When I met with Sandy and Harold I was stressed. I was worried that I was falling behind. After coming from a very busy workplace with many competing deadlines and defined work hours, starting a PhD program and having to manage my time independently is a huge challenge. Most days feel chaotic and I’m often overwhelmed. Being a student has given me space, mentally and emotionally, to think and to focus on my health. But this “room to think” can also be a dangerous thing. Sometimes hours, even days, slip by in an unfocused haze of meandering reading if I’m not careful. This skill of balancing time and energy is the true test of graduate school.
The chaos is exacerbated by the scope of my SOTL research. I often feel that I’m lost in a forest and blind to the connections, discourses, and secret paths within the literature. What has helped is staying in the meadow of multiple-choice questions. As I read more, I am beginning to create a complex picture of this learning and assessment modality. But before I made this decision, I wandered, as you’ll see.
I was getting tired of assessment, so I experimented with other search terms to see what I could find. I found Brunig’s article which brings together experiential education and critical pedagogy, both of which are challenging to implement in practice. Their discussion of their own practice is very helpful for those interested in using experiential learning and developing a student-directed classroom. Brunig makes a claim in their article that one of the aims of experiential education is the development of a more just world (p. 107). I was intrigued by this because I didn’t necessarily agree (although I believe this should be the goal of education in general). They referenced another paper when making this assertion which brought me to Itin. Itin’s article attempts to differentiate between experiential learning and experiential education. This paper is a good foundation for instructors who want to explore the philosophy of experiential education.
After this foray into more theoretical papers I decided to hold off on reading any more until I had spoken to Sandy and Harold. I wasn’t sure how far the group wanted me to go when it came to philosophy and theory. This was a good decision because the group agreed that they want to see more practical research and studies than theory.
The other articles can be summarized:
- Bowen, C. discusses a college mathematics program at Haskell Indian Nations University. Of interest to mathematics educators are the handful of experiential activities provided by Bowen. Most of the activities are not suitable for large or mega class sizes (although there is the possibility of adaptation). Others such as narrative word problems or the Problem of the Week may be useful with larger classes.
- Butler, A. C., Karpicke, J. D., & Roediger, H. L. 3rd clearly describe the methodology used. Results of this study indicate that “delayed feedback produced better long-term retention than immediate feedback” (p. 279). What is interesting is that “there was no difference between the two types of feedback” (answer-until-correct and standard – correct or incorrect) (p. 279).
- Clandinin, D. J. & Connelly, F. M. are two of the originators of narrative inquiry and their book offers researchers new to the methodology a guide to follow. From epistemological concerns to the nuts and bolts of how to actually do a narrative inquiry, this handbook is a wonderful starting point for those interested in this methodology.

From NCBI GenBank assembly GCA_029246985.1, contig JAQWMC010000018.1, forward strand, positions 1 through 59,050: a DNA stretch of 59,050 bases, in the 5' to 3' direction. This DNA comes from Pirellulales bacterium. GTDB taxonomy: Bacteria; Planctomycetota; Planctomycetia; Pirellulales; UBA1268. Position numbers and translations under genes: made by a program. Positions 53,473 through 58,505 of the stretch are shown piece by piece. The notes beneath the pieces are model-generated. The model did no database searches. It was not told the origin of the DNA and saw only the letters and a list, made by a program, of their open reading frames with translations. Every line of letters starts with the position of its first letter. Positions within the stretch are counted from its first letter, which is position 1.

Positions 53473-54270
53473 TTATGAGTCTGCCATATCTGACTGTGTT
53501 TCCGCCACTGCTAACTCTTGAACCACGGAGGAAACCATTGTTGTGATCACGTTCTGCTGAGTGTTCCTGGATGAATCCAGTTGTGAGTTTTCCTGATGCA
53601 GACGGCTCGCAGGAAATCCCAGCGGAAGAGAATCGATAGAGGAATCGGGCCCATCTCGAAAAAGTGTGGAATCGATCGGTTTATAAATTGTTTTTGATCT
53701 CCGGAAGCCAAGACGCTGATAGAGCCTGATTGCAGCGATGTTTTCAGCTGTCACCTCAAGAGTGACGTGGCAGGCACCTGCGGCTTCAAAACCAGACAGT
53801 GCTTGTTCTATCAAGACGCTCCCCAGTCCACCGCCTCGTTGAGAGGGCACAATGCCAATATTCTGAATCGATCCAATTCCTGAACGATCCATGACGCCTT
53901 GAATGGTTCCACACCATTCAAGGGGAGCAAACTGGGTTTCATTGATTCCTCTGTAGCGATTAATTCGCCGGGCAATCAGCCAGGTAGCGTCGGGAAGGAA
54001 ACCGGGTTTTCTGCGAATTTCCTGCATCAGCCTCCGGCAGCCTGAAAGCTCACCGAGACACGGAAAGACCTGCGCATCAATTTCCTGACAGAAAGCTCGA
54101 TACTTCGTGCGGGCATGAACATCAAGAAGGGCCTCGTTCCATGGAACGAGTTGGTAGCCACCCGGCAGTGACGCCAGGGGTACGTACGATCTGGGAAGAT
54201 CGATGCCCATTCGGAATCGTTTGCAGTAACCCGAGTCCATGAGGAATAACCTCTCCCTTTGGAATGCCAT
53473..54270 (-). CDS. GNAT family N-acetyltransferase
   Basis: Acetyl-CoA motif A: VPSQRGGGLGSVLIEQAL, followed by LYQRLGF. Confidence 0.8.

- Ernst, B., & Steinhauser, M. suggest that the P300 and early frontal positivity “are related to two different stages of learning. The P300 reflects a fast learning process based on working memory processes. In contrast, the frontal positivity reflects an attentional orienting response that precedes slower learning of correct response information” (p. 334).
- Koretsky, M. D., Brooks, B. J., & Higgins, A. Z. very clearly outline their research design and methodology. Their findings “suggest that asking students for written explanations helps their thinking and learning, and we encourage instructors to solicit written explanations when they use multiple-choice concept questions”, p. 1761.
Bowen, C. (2010). Indians can do math. In P. Boyer (Ed.), Ancient wisdom, modern science: The integration of Native knowledge in math and science at tribally controlled colleges and universities (pp. 43-62). Salish Kootenai College Press.
Butler, A. C., Karpicke, J. D., & Roediger, H. L. 3rd. (2007). The effect of type and timing of feedback on learning from multiple-choice tests. Journal of Experimental Psychology: Applied 13(4), pp. 273-281.
Clandinin, D. J. & Connelly, F. M. (2000). Narrative inquiry: Experience and story in qualitative research. Jossey-Bass.
Ernst, B., & Steinhauser, M. (2012). Feedback-related brain activity predicts learning from feedback in multiple-choice testing. Cogn Affect Behav Neurosci, 12(2), 323-336. doi:10.3758/s13415-012-0087-9
Koretsky, M. D., Brooks, B. J., & Higgins, A. Z. (2016). Written justifications to multiple-choice concept questions during active learning in class, 38(11), pp. 1747-1765. doi: 10.1080/09500693.2016.1214303
This is part of a series of blog posts by Lindsay Tarnowetzki. Their research assistantship is funded by and reports to the Scholarship of Teaching & Learning Aligning assessment and experiential learning cluster at USask.
Lindsay Tarnowetzki is a PhD student in the College of Education. They completed their Master’s degree at Concordia University in Communication (Media) Studies and Undergraduate degree in English at the University of Saskatchewan. They worked at the Clinical Learning Resource Centre at the University of Saskatchewan for three years as a Simulated Patient Educator. They are interested in narrative and as it relates to social power structures. Lindsay shares a home with their brother and their cats Peachy Keen and MacKenzie.